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Guide to buying an Espresso Machines for home without capsules 2022

Guide to buying an Espresso Machine for home without capsules 2022

Guide to buying an Espresso Machines for home without capsules 2022

Thanks to the ingenuity of many great coffee machine manufacturers, you can become your barista and prepare the perfect cup of authentic espresso in your kitchen. 

At a glance: Our Top 5 Espresso Machines Picks

  • DeLonghi EC Our best choice
  • Give 15 bar espresso machines
  • Espresso Barista Mr Coffee
  • Calphalon Temp IQ espresso machines
  • Gaggia Classic Pro

If you often want to test your level of preparation, take a look at our list of the best espresso machines for your kitchen. We are sure you will find one that is right for you, and very soon, you will be making delicious coffee drinks yourself and saving yourself a few (or a few dozen) trips to the local speciality coffee shop.

Our Top Picks: The Best Espresso Machines for Your Kitchen

DeLonghi EC

What is the best affordable semiautomatic coffee maker? Meet the DeLonghi EC155! This espresso machine is not only affordable, but it is also one of the most highly recommended espresso machines for its overall performance.

It features a stainless steel kettle durably wrapped in a sleek design, making it the perfect addition to any kitchen. Thanks to its patented dual-function portafilter, you can prepare coffee capsules and ground coffee. 

The machine is also equipped with independent thermostats that allow you to control both the water and steam pressure for a great cup of authentic espresso every time. 

Give 15 bar espresso machine.

Like the DeLonghi machine before it, this 15 bar machine from Gevi is quite affordable and is part of a price range that even the budding barista on a budget can handle. The semiautomatic machine is easy to operate, with a clear display and labelled buttons – perfect for a beginner!

Fifteen bars of infusion pressure extracts a beautiful single shot covered in the ever-important layer of cream. Take the Foamer Stick into a stainless steel foamer jug with a coffee machine (sold separately) filled with milk. You can enjoy delicious espresso-based drinks, such as lattes, macchiatos and cappuccinos, from the comfort of your own home in no time. 

Espresso Barista Mr Coffee

If you are looking for an easy way to make espresso shots, look no further than the Mr Espresso Machine. This machine effectively answers the question, What is the best espresso machine for beginners? It has a one-touch control panel that allows you to easily prepare any beverage you want; It even includes an automatic milk frother to help you create the creamiest cappuccinos and lattes right in your kitchen.

In addition, the drip tray is adjustable for cups and mugs of different sizes, and cleaning is very easy since practically all tanks are easy to remove and clean. If it’s something simple you’re looking for, Café Barista should be on your favourites list.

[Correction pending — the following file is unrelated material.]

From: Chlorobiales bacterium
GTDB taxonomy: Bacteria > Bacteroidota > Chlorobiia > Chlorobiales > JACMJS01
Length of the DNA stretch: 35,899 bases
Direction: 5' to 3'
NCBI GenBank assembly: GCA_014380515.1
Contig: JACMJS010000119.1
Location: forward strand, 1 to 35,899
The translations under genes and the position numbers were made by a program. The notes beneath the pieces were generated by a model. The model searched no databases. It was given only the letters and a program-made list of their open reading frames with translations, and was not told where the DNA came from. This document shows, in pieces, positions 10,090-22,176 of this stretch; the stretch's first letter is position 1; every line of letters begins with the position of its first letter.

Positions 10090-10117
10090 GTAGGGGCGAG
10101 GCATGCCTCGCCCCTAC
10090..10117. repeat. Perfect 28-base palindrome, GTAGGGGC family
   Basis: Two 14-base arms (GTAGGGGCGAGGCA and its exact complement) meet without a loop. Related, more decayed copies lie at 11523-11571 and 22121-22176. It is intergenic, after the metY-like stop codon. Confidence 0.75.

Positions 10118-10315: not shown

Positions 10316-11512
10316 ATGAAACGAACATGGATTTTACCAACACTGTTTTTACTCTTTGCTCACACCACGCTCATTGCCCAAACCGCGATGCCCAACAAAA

Calphalon Temp iQ espresso machine

If Calphalon isn’t on your radar yet, let us introduce you to the brand through the Temp iQ espresso machine. The kitchenware and appliance company machine feature a sleek design that fits almost any setting and colour scheme.

It even includes a stainless steel milk carafe, handle, and cleaning plug – everything you need to make espresso shots at home!

The 58-millimetre portafilter is the size of a cafeteria, accommodating more grounds than you might expect, and ensures that near-boiling water is dispersed evenly, ensuring rich and robust flavours. Instead of pressing buttons, use the simple interface on the dial to select steam, hot water, and single or double shots. 

The cup warming tray gently prepares espresso cups to receive coffee, and the heating technology of the thermoblock ensures that every drop of the espresso is hot as it flows into the warmed cup. 

Gaggia Classic Pro

The Gaggia Classic Pro is a stylish update to the classic machine. The straightforward, easy-to-use interface remains the same, but the improved steam wand lets you produce velvety, frothy milk if you’re willing to practice constantly honing your barista skills. 

The espresso shots themselves are as impressive as ever and speak to the original version, which was a favourite with beginning baristas for over a decade. We do not doubt that the professional version will serve the coffee community just as well (and probably better).

Nespresso Inissia

Chances are, if you are looking for maximum convenience in the lower price bracket, you are looking for capsule machines. If you have already browsed our website, you will know that we are not the biggest supporters of capsule coffee machines, but we also know that not everyone is as convinced of the subject as we are. That is why we recommend the Nespresso Inissia.